White House says Obamacare enrollment a priority
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White House spokesman Josh Earnest speaks to reporters from the White House in Washington November 9, 2016. REUTERS/Kevin Lamarque
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WASHINGTON (Reuters) - Getting more Americans to enroll for health insurance under President Barack Obama's healthcare law known as Obamacare is a top priority of his administration until President-elect Donald Trump takes office on Jan. 20, the White House said on Thursday.
"We would be focused on ... maximizing the opportunity that currently is available for millions of Americans to go to healthcare.gov during the open enrollment period and sign up for healthcare," White House spokesman Josh Earnest told a news briefing.
Sylvia Burwell, the secretary of the U.S. Department of Health and Human Services, tweeted on Thursday that Nov. 9 was HealthCare.gov's best day with 100,000 sign-ups since it began selling the 2017 Obamacare plans on Nov. 1. The government's goal is for more than 13.8 million sign-ups initially.
Trump has said that he plans to repeal Obamacare, formally known as the Affordable Care Act. Insurers have said that 2017 Obamacare plans will remain in place and that any changes would affect 2018 plans.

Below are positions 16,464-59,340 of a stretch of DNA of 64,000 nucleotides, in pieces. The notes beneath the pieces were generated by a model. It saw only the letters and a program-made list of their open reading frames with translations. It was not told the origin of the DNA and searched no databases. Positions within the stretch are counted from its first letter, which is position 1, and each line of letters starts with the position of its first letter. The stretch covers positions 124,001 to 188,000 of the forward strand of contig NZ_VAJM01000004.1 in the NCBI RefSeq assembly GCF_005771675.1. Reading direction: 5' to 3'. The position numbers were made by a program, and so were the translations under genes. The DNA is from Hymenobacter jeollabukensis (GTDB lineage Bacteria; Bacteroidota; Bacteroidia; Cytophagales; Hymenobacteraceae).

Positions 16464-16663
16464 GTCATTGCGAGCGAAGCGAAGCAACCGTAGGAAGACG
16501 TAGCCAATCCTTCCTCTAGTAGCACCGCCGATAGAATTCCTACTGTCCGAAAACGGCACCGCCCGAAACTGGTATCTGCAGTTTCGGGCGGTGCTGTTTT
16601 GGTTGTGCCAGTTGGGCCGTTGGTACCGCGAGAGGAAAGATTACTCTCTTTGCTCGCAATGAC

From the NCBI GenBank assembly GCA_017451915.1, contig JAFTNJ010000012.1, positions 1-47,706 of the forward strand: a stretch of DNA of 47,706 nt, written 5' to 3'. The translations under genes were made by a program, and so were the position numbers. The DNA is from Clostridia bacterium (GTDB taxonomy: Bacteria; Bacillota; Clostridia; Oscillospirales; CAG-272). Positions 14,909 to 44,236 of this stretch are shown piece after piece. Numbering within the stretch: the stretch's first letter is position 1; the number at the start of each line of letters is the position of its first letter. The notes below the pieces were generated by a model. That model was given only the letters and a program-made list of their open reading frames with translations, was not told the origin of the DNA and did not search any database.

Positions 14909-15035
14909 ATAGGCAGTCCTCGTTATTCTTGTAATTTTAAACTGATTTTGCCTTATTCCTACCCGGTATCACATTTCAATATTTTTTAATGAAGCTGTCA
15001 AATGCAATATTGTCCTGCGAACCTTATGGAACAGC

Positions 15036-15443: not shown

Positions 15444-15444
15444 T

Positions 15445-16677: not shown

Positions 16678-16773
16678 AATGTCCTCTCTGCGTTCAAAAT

Earnest said that people should not worry about what could happen to the healthcare exchanges under the Trump administration.
"These are benefits that are available to them today. We certainly would encourage people to sign up and capitalize on the good opportunity that's there," he said.
Obama met with Trump on Thursday for the first time in a one-on-one, 90-minute meeting in the White House Oval Office. Trump also released a review of his goals to overhaul healthcare on his website, reiterating that he would repeal the Affordable Care Act.
Trump's pledge to repeal Obamacare may not be easy. He does not have the votes in Congress for an outright repeal and will have to cut away at its financing first, health policy experts say.
(Reporting by Susan Heavey and Caroline Humer in New York; Writing by Mohammad Zargham; Editing by Jeffrey Benkoe and Jonathan Oatis)
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